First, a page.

[(essay date 2006) In the following essay, Hogg traces “Jouissance,” one of Villedieu’s early poems, “through its various oral, manuscript and print incarnations.” Hogg considers the circumstances of the poem’s composition, its notoriety in relation to Villedieu’s career, and its popularity in the eighteenth century.]
C’est le plaisir qui t’a tiré du néant.Diderot, “Jouissance”, Encyclopédie
Émile Magne is not the first critic to whom one turns for credible scholarship on Marie-Catherine Desjardins, Mme de Villedieu. What his purple prose account of the composition of Villedieu’s notorious sonnet, “Jouissance”, lacks in accuracy it makes up for in inspiration. Taking full advantage of his subject—a scandalous poem penned by a scandalous woman—Magne describes “Jouissance”’s creation in a paroxysm of titillated moralizing. The source of these details, Tallemant des Réaux, recounts that Villedieu composed the sonnet at the Duchesse de Chevreuse’s country estate, Dampierre, at the request of Mme de Morangis.1 Magne’s version goes beyond the facts as relayed by Tallemant, to imagine the erotics of desire and knowledge at the sonnet’s inception. Animated by “l’intime et lubrique soif de savoir,” Mme de Morangis “souhaita même une preuve tangible” of the young woman’s “félicité” with her lover (Magne 158). Morangis wants proof of pleasure; Villedieu fulfills her patron’s request with a “Jouissance”.
Inspired by Magne’s suggestive account, this essay traces the circulation of pleasure and knowledge (the “lubrique soif de savoir”) as Villedieu’s “Jouissance”, through its various oral, manuscript and print incarnations, becomes multiple. As the piece that launched Villedieu’s career of literature and self-promotion, the poem merits scholarly attention beyond that of the enjoyable footnote or passing mention. To this end, I will consider the poem at three moments of its literary life: the verse composed at the Duchesse de Chevreuse’s estate to please a female audience; the succès de scandale that gave the young author her entry into literary notoriety and print; and finally, the ever-popular addition to collections of galant verse that extended the poem’s print life well into the eighteenth century. “C’est le plaisir qui t’a tiré du néant,” Diderot writes in his Encyclopédie article “Jouissance,” extolling the virtues of procreative sex. Pleasure of a different kind marked Villedieu’s coming to writing and to print through strategies unique among seventeenth-century women writers—starting with her own “Jouissance”.2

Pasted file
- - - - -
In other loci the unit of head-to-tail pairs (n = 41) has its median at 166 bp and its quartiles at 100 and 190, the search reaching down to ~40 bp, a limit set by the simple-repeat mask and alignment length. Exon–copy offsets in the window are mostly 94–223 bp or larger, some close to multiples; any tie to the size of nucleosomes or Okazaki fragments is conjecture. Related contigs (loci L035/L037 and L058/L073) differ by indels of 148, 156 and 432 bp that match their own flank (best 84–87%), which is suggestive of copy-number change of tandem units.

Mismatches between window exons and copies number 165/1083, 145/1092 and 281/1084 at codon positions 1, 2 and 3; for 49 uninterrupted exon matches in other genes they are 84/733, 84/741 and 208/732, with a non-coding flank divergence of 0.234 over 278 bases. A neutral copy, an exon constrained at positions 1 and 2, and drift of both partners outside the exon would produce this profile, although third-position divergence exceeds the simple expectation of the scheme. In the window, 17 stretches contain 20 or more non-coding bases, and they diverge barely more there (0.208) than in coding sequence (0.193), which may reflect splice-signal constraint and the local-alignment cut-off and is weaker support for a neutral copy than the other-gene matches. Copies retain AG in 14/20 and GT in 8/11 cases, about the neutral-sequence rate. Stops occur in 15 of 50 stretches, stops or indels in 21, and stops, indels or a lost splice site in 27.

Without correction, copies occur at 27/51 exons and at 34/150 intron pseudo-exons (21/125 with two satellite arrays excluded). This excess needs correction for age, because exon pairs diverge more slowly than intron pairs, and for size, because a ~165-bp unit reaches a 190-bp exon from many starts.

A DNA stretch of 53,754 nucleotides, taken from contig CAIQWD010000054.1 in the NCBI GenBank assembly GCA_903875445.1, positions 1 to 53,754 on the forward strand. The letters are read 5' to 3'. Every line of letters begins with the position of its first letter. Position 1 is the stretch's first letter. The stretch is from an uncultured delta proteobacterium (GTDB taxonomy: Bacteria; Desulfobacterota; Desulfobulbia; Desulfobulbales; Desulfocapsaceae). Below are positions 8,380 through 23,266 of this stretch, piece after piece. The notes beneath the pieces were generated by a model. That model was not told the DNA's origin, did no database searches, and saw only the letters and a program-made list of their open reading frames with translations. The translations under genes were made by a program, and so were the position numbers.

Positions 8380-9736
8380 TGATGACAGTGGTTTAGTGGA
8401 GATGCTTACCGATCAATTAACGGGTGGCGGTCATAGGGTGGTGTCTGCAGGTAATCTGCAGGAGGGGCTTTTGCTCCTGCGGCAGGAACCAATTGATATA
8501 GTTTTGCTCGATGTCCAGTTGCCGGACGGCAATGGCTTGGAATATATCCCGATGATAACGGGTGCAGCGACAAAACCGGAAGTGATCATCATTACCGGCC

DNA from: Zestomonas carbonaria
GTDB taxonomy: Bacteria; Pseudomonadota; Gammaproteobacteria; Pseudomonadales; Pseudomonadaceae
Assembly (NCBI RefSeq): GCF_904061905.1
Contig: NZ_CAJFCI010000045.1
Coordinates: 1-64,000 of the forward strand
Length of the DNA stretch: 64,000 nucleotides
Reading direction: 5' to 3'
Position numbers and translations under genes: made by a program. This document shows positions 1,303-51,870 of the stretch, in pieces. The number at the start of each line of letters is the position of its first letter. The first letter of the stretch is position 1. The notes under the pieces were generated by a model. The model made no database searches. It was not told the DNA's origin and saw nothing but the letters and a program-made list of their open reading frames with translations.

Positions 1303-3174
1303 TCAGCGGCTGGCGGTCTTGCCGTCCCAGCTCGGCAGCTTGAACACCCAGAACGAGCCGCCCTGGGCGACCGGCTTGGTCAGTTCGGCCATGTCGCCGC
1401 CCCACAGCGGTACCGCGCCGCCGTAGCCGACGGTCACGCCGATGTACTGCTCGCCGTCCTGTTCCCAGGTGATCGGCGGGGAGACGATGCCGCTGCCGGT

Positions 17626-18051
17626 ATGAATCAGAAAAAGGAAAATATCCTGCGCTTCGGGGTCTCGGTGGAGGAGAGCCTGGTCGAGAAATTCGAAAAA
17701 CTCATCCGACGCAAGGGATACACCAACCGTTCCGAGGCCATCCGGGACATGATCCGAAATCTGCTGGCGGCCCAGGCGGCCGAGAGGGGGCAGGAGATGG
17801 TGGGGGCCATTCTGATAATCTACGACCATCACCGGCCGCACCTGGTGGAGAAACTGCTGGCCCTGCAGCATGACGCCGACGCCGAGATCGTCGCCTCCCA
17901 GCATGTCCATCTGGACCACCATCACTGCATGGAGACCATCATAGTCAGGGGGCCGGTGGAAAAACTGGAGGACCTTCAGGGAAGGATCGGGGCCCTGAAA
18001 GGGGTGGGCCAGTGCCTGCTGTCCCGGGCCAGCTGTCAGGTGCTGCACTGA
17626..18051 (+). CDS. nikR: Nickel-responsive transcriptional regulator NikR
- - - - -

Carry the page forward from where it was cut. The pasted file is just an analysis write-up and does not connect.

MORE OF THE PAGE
While Villedieu (the poet) addresses her lover in the opening line of the poem, “Aujourd’hui dans tes bras j’ai demeuré pâmée,” the sonnet itself is, at its inception, destined for Morangis.3 The scene of “Jouissance”’s composition recounted by Tallemant—a woman describing her pleasure for another woman—suggests the classic structure of the early modern pornographic text, the female dialogue about sex rendered popular by Aretino’s Ragionamenti (1534-1536) and the pornographic novels L’École des filles (1655) and L’Académie des dames (∼1660).4 By presenting her “Jouissance” to the older, married Morangis, the unmarried Mlle Desjardins adds a twist on the dialogue “between an older, experienced woman and a younger, innocent one,” the form that, as Lynn Hunt writes, “completely...